Iron filters & softener (WARNING: way-back-machine engaged)


Regarding a post from long ago (Google is great). I use a greensand filter followed by a softener which uses salt. I am wondering (more now than ever) 1. if I need the greensand filter considering what Gary wrote long ago. 2. At what level of iron will a softener be able to handle the iron removal? 3. "Less expense" also naturally caught my eye.
I never did like the idea of potassium permanganate especially since during last year's servicing when the technician sent the solution through our water heater -- I spent the better part of the day running (read: wasting) hot water until it came clear again. Please enlighten me and point me in knowledgeable directions (more reading and research). Thank you.
David.
P.S. It was an advert for Kinetico whole-house filtration that started me on this tonight. It seems that, if true, the Kinetico system would be much less expensive than the greensand (and yearly maintenance), softener (with its several-bags-of-salt/yearly appetite), and carbon filter block (at the sink) system we use.
From:         Gary Slusser Date:        Sat, Jun 27 1998 12:00 am
Frankly, IMO and that of many others, the 'non electric' is nothing more than a gimmick and comes with the short comings you have admitted; their inability to handle iron which you state you have to use manganese greensand to eliminate. You must not do much water quality improvement if you're still using greensand. There are other much better means at less expense and they don't use a hazardous material to regenerate with such as potassium permanganate.
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PP is kewl stuff if in crystals. Put a drop of hot glycerin in a small pile and watch a homemade volcano. Real nice at night.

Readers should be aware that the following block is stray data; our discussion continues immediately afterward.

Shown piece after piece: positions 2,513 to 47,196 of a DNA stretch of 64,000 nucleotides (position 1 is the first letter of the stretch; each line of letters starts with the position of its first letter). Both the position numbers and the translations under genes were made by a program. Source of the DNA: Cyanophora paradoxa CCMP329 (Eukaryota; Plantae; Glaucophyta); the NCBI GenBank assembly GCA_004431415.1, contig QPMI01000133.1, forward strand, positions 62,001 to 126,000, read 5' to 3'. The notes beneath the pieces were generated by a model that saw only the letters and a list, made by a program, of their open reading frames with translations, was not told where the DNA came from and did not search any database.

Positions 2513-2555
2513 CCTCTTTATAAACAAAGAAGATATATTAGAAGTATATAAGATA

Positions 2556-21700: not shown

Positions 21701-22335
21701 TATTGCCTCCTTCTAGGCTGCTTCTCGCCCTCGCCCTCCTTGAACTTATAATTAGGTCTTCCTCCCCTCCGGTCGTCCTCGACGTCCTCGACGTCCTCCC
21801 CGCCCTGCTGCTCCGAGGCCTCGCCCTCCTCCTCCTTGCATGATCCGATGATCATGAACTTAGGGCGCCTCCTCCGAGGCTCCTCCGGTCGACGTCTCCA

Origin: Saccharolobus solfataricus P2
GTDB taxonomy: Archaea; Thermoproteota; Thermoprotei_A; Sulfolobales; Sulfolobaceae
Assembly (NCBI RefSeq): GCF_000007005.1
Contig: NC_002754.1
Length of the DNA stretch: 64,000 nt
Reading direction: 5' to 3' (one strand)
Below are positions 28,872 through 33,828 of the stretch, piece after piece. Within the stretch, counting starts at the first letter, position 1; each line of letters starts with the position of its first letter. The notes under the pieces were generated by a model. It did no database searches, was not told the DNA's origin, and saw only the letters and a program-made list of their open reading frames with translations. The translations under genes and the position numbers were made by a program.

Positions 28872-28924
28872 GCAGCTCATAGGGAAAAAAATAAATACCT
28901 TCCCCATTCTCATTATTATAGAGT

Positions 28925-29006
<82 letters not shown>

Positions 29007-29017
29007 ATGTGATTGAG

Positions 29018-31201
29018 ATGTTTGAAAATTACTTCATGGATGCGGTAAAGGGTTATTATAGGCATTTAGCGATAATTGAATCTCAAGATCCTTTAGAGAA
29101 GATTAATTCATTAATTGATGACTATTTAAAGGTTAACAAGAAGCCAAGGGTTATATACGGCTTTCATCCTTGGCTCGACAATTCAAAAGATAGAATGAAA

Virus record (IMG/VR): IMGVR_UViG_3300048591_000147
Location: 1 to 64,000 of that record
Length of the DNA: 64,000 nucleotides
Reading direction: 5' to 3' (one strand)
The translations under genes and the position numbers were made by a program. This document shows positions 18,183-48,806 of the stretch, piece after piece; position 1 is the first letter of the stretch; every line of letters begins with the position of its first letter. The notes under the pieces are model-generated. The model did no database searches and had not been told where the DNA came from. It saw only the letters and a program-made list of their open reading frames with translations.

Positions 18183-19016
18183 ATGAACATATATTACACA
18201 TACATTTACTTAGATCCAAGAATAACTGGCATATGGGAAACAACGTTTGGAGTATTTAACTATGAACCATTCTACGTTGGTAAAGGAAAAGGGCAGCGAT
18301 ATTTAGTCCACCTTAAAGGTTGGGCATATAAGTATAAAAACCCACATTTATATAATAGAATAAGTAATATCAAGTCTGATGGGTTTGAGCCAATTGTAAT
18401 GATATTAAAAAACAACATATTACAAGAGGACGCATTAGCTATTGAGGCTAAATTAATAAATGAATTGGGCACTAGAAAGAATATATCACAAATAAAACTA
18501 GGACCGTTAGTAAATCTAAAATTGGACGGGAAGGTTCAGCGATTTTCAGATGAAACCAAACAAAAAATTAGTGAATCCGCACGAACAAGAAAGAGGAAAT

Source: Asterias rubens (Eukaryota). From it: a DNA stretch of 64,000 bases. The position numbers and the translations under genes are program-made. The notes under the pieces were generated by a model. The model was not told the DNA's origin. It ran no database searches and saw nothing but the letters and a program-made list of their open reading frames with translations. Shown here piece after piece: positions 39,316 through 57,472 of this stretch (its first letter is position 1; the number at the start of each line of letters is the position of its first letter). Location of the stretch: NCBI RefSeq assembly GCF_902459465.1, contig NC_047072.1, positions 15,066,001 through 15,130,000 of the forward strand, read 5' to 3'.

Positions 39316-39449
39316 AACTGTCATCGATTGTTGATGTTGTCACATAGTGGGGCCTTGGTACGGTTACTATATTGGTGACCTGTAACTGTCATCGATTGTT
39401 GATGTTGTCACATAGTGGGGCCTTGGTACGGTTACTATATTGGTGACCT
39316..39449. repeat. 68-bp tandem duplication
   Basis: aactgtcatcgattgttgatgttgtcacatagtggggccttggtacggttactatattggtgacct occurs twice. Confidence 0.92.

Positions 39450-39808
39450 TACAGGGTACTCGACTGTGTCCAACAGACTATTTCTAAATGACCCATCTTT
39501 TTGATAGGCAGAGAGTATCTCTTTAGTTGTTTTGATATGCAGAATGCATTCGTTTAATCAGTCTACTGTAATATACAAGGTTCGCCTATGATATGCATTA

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Its just not always that simple. Yes a softener can handle 2ppm of ferrous iron. Most iron encountered in the field is not ferrous iron. Often where a Ironfilter is present Other conditions like Manganeese or Sulphur or "Bacterial Iron" exist. All of the above will ruin a softener. A better solution to the Potassium unit (I havn't sold one in twelve years) Is an "Air Injected Iron Filter" when set up properly - and I cant' stress this enough - It will give you many years of trouble free service with only a first time cost. CHEMICAL FREE. You should always get a water analisis done but beware if a salesman from a Treatment company does not check out the inside of your toilet tank, you got the wrong guy. Analisis needs to be done in your home, not just a lab. Eric.

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Thanks. Yes, he ran a water test and looked in our toilets and tanks, sinks, shower/bath and washing machine. But where would you suggest I start looking as far as brands for air injected iron filters? This intrigues me.
David.
Eric Miller wrote:

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